This mirror game helps your baby to pay attention, identify images and discover the fascinating functions of a face. Additionally, it encourages social and emotional development as he interacts with you and his siblings.

4. My Photo Album

Age range: 6 months to 1 year

Once your child gets accustomed to his own face, start introducing the faces of other family members. This can be a real treat for your baby as he learns to recognize different faces by their name and association. Buy a small photo album and fill it with interesting snapshots of your baby and other family members. Do not forget to include photos of your neighbors, friends, babysitters and your pets.

Once a day you can sit with your baby and show him photos while naming them and revealing their relationship with your baby. In the beginning, he may just look at pictures and grab the pages as their fine motor skills are starting to develop. Soon, he may react to familiar faces with excitement and would be fascinated with the parade of interesting colors. Store the photo album as it will become your child’s favorite pastime.

5. Hide and Seek

Age range: 6 months to 12 months

To play this game, you need to gather some noise making toys such as squeaky ducks, musical toys and rattles. Start by showing the toy to the baby, then squeeze the duck to make a good, loud noise. Then, cover it with a blanket or a towel and then let the child uncover it. The second time, simply cover the toy again and then make it squeak. This fun game will give your baby a good laugh. It also motivates the baby to crawl, wiggle or walk to uncover the toy. Then take a rattle or musical shaker and play the same game with your baby.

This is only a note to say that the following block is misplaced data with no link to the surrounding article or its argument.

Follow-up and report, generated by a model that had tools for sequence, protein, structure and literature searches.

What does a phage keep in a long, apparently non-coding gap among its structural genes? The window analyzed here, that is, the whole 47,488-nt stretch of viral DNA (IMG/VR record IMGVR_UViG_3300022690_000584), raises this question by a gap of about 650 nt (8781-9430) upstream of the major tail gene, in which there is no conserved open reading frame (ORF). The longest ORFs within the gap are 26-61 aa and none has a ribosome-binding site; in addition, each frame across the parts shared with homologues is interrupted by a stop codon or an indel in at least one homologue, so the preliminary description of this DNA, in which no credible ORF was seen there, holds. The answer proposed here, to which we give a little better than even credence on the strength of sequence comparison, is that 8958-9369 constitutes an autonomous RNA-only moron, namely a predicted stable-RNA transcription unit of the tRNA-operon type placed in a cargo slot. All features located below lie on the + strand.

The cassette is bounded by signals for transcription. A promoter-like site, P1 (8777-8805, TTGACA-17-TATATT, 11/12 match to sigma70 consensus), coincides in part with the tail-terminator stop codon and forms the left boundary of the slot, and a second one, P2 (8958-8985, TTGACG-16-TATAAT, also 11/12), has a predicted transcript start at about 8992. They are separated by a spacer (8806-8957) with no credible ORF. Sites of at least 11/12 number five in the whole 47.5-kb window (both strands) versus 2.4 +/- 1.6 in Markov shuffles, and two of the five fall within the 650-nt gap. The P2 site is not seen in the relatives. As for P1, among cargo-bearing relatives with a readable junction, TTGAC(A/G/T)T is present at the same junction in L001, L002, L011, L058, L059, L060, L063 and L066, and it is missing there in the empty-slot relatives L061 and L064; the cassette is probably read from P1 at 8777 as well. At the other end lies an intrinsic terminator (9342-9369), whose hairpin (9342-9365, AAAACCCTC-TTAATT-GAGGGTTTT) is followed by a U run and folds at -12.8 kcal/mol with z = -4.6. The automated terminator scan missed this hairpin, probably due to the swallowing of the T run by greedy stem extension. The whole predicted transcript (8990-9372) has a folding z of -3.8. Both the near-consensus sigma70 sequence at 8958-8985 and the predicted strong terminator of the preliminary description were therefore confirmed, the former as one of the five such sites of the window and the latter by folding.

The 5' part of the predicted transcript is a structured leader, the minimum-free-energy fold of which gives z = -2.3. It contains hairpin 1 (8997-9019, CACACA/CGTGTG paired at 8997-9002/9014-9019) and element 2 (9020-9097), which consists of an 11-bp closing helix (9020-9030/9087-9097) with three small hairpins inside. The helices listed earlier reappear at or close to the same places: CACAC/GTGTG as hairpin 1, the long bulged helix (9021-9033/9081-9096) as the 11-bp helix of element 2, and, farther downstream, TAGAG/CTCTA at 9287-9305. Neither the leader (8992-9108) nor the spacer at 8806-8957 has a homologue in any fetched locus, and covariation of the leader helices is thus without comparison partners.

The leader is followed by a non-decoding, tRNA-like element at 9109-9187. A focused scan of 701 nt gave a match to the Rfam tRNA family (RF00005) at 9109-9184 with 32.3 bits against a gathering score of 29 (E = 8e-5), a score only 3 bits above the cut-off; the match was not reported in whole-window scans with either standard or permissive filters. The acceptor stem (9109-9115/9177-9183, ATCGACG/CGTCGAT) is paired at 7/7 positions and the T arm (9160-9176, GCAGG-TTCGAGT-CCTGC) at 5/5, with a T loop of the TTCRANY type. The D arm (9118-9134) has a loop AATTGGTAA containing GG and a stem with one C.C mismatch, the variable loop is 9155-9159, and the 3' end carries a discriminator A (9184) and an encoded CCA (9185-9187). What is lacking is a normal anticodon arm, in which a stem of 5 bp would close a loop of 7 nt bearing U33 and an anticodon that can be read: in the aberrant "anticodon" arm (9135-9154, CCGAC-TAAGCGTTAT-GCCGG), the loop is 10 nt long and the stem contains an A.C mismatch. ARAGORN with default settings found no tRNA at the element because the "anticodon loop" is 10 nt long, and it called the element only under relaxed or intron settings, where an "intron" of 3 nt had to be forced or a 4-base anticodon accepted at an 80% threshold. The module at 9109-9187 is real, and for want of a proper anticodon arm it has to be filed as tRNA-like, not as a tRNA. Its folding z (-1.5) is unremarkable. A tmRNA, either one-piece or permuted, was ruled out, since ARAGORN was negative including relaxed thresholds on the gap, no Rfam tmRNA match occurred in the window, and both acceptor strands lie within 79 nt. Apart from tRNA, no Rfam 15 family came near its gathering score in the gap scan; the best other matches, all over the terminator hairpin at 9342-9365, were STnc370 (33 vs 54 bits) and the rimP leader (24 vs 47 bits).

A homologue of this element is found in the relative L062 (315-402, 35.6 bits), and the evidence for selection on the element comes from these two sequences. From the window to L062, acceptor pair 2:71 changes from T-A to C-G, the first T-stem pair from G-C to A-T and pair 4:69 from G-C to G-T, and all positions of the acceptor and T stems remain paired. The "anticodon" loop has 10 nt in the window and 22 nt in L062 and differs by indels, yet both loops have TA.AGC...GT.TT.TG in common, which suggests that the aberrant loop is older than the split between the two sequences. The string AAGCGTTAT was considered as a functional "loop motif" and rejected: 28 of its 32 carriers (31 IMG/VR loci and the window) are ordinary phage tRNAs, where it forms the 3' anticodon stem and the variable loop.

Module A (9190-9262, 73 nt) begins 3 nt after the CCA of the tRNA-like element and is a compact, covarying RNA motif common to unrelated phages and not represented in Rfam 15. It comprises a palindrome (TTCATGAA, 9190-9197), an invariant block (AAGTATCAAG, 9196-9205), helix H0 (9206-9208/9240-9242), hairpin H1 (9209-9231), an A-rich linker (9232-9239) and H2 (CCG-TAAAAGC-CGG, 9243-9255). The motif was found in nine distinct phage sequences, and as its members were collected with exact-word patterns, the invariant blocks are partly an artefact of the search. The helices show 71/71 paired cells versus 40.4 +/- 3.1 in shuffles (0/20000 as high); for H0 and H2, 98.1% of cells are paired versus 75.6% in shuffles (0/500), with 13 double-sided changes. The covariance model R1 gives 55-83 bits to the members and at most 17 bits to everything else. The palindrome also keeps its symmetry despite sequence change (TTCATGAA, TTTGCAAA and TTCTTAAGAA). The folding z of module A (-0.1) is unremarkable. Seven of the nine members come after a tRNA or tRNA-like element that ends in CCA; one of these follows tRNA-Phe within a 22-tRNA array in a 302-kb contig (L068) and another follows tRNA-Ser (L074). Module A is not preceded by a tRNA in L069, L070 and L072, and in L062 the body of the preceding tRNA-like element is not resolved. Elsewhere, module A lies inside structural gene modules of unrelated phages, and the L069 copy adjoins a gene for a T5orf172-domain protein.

This game with squeaky toys and rattles helps baby to learn hand-eye coordination and cause-and-effect-relationships. This game also enhances your child’s cognitive development as he hears the squeaky noise and tries to hunt the toy.

6. Telephone Talk

Age range: 3 months to 9 months

During three to nine months, a child tries to communicate with you by making different types of sounds. You can help your baby to keep working on their verbal skills by playing this game.

Take two play telephones and hold one receiver to your baby’s ear and take another receiver for yourself. Initiate the conversation by adopting a slow, exaggerated speaking method. Take a long pause after asking questions or making comments, and soon your baby will respond to you by making, babbling or cooing sounds. This is the best way to practice your baby’s verbal skills.

Remember that different children will learn these games at varying speed. Do not worry if the baby finds these games too hard or too easy.  Change or upgrade the level of games as your child grows and develops an understanding of a particular activity. Remember, allow your baby to guide you in the games!

 

References

  1. Games to play with babies.
  2. Weekly activities for your baby's first year.

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Tasneem